The Oldest Written Melody in History:1400 BC

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posted on Mar, 24 2012 @ 09:40 PM
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Originally posted by Imagewerx
I'm not a big musical expert,but that to me just sounds way too modern,in fact I'm sure I've heard that melody somewhere before?


I would imagine in 3400 years there have been many melodies that sound similar.

There are only seven notes to a scale after all.

edit on 3/24/2012 by ANOK because: (no reason given)




posted on Mar, 24 2012 @ 09:49 PM
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Originally posted by ANOK

Originally posted by Imagewerx
I'm not a big musical expert,but that to me just sounds way too modern,in fact I'm sure I've heard that melody somewhere before?


I would imagine in 3400 years there have been many melodies that sound similar.

There are only seven notes to a scale after all.

edit on 3/24/2012 by ANOK because: (no reason given)


Twelve, actually, in the chromatic scale. This distinction is especially important when dealing with modal music. Sure, it may only deal with seven tones at a time, but one of those tones will be chromatic in the tonal system of today.

There are only twelve tones; you must treat them carefully.
Arnold Schoenberg



posted on Mar, 24 2012 @ 09:51 PM
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reply to post by EvolEric
 


yes because doom metal is beautiful....awesome post seriously.....more bard songs ...more bard songs!!!



posted on Mar, 24 2012 @ 10:11 PM
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Originally posted by godspetrat
Twelve, actually, in the chromatic scale. This distinction is especially important when dealing with modal music. Sure, it may only deal with seven tones at a time, but one of those tones will be chromatic in the tonal system of today.

There are only twelve tones; you must treat them carefully.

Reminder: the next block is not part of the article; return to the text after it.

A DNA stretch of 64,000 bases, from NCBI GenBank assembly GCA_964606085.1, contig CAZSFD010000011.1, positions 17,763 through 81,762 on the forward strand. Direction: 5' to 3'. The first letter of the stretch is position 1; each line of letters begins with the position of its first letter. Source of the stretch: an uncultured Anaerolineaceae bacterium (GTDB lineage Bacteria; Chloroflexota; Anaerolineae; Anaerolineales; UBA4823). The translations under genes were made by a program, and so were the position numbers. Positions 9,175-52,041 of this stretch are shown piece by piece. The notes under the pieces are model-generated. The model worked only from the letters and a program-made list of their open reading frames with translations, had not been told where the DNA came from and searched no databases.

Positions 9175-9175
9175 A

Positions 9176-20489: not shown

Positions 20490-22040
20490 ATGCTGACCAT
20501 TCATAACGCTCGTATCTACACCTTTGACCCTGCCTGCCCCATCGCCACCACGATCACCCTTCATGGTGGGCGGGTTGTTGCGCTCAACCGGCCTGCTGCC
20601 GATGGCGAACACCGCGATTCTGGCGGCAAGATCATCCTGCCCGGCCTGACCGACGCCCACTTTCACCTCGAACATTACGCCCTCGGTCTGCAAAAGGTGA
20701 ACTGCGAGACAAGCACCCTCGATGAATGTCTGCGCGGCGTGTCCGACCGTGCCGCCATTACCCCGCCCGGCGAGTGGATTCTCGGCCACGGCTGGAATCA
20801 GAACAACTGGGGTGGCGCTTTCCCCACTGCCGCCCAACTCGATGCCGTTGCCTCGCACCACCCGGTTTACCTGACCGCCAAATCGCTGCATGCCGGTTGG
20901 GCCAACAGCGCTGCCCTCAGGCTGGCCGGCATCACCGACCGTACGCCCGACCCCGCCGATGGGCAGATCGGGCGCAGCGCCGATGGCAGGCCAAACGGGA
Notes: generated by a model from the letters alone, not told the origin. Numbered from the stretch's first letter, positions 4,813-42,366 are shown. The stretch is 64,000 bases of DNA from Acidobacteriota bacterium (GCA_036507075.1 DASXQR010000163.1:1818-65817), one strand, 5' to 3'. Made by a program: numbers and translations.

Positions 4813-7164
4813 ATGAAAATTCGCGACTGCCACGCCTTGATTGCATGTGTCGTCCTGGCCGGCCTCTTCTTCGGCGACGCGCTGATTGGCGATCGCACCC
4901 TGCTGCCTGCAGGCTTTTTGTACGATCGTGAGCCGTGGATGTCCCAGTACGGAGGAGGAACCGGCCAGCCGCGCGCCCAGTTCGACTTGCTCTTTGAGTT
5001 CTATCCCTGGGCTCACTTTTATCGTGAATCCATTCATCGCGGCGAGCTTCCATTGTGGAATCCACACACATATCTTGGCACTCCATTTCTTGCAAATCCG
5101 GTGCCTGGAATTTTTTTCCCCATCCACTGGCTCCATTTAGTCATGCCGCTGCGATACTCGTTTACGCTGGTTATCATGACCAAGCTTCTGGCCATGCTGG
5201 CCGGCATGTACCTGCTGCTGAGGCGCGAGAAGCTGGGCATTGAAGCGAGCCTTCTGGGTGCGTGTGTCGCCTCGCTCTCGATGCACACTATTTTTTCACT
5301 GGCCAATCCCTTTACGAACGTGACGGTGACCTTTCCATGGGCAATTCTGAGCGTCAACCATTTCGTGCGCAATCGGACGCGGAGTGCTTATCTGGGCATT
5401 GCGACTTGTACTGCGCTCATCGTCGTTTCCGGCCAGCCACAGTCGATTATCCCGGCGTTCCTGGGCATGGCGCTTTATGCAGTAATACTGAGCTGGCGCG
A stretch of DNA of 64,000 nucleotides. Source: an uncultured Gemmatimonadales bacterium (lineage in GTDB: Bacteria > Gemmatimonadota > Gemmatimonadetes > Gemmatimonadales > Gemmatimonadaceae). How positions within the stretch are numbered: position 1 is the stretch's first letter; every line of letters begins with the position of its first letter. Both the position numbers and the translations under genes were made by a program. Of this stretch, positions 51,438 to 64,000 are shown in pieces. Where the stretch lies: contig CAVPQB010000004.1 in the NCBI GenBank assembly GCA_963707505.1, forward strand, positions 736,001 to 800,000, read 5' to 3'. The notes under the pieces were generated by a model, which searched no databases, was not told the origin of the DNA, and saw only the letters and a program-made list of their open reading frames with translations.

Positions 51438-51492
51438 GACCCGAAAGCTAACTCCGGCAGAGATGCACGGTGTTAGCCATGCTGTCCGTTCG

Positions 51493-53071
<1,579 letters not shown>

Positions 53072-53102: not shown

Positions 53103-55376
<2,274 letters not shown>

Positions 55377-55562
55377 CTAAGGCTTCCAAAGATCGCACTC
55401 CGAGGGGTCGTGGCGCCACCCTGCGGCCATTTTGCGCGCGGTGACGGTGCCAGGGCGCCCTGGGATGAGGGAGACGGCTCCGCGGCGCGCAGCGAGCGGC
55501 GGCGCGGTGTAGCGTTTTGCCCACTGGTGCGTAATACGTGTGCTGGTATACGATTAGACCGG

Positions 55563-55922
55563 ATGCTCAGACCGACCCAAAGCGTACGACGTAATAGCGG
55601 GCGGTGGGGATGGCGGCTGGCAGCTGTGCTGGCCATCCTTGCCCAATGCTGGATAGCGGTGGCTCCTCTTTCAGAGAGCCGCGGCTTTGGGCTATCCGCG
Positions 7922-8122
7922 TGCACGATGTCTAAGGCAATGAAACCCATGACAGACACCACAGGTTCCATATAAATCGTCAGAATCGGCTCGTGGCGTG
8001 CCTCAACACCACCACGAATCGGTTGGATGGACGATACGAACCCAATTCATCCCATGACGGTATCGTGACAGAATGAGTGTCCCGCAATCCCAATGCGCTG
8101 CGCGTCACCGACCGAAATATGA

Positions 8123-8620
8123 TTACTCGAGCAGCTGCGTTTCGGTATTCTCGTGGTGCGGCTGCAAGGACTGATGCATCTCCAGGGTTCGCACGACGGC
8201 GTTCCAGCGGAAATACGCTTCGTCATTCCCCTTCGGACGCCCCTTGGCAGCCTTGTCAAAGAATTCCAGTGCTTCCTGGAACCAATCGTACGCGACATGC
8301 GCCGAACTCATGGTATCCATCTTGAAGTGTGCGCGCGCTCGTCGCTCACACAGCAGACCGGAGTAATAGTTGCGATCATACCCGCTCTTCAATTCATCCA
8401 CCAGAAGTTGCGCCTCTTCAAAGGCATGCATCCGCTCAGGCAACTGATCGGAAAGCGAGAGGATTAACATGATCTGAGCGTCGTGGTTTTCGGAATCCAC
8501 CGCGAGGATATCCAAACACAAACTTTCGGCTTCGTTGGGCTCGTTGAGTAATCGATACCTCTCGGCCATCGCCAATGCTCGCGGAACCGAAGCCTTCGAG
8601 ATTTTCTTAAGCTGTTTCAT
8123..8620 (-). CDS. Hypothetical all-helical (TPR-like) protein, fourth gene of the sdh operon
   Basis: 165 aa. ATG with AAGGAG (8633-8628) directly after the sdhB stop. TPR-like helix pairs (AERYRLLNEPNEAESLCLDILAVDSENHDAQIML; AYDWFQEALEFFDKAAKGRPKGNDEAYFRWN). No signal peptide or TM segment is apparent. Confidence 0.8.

Arnold Schoenberg


Well yeah I wasn't thinking of the chromatic scale, but it's still the same seven notes we have now, it just includes all the flats and sharps.



posted on Mar, 24 2012 @ 10:51 PM
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Originally posted by ANOK

Originally posted by godspetrat
Twelve, actually, in the chromatic scale. This distinction is especially important when dealing with modal music. Sure, it may only deal with seven tones at a time, but one of those tones will be chromatic in the tonal system of today.

There are only twelve tones; you must treat them carefully.
Arnold Schoenberg


Well yeah I wasn't thinking of the chromatic scale, but it's still the same seven notes we have now, it just includes all the flats and sharps.


Or of course there can be 24, but I don't like quarter tone music! I don't like atonal either, since I think music should be based on the naturally occurring harmonic series. Root, octave, fifth, fourth, major third, minor third...

I don't think we will really know what 3000 year old music sounded like until someone invents a time machine. It is cool to try to interpret the texts as to how the music was played. Thank goodness for modern notation (500 years old or more) or recording. Vivaldi sounds about the same as it did when he was alive! I do love speculation, don't get me wrong, but it is still speculation. I feel that the 3000 year old music probably used 7 note modal scales, just as we might today, though the scales were probably pentatonic further east in China and such. I just don't presume to know for sure one way or another. This is the knowledge you gain from two music degrees, so beware!



posted on Mar, 25 2012 @ 06:23 AM
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We've come a long way.




posted on Mar, 25 2012 @ 10:50 AM
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with the correct translation of this melody, the perfect instument, and the correct tempo (this guy was a little quick I feel) in which the performer plays these sounds... would make an amazing vibration


Cool OP, thanks for sharing

~ Love is an art



posted on Mar, 27 2012 @ 09:44 AM
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reply to post by silent thunder
 


Excellent. I enjoy this sort of thing.

Music is the only language that the human race has that can be understood by everyone from every time.



posted on Mar, 27 2012 @ 04:22 PM
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Just goes to show that good art, whether paintings, literature or music is timeless.

I like this tune. The crazy guitar like riff at the end must have drove the fans wild.



posted on Mar, 29 2012 @ 02:17 PM
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It sounds like a tempoless free-form jam of "God Rest Ye Merry Gentlemen" to me.

2nd





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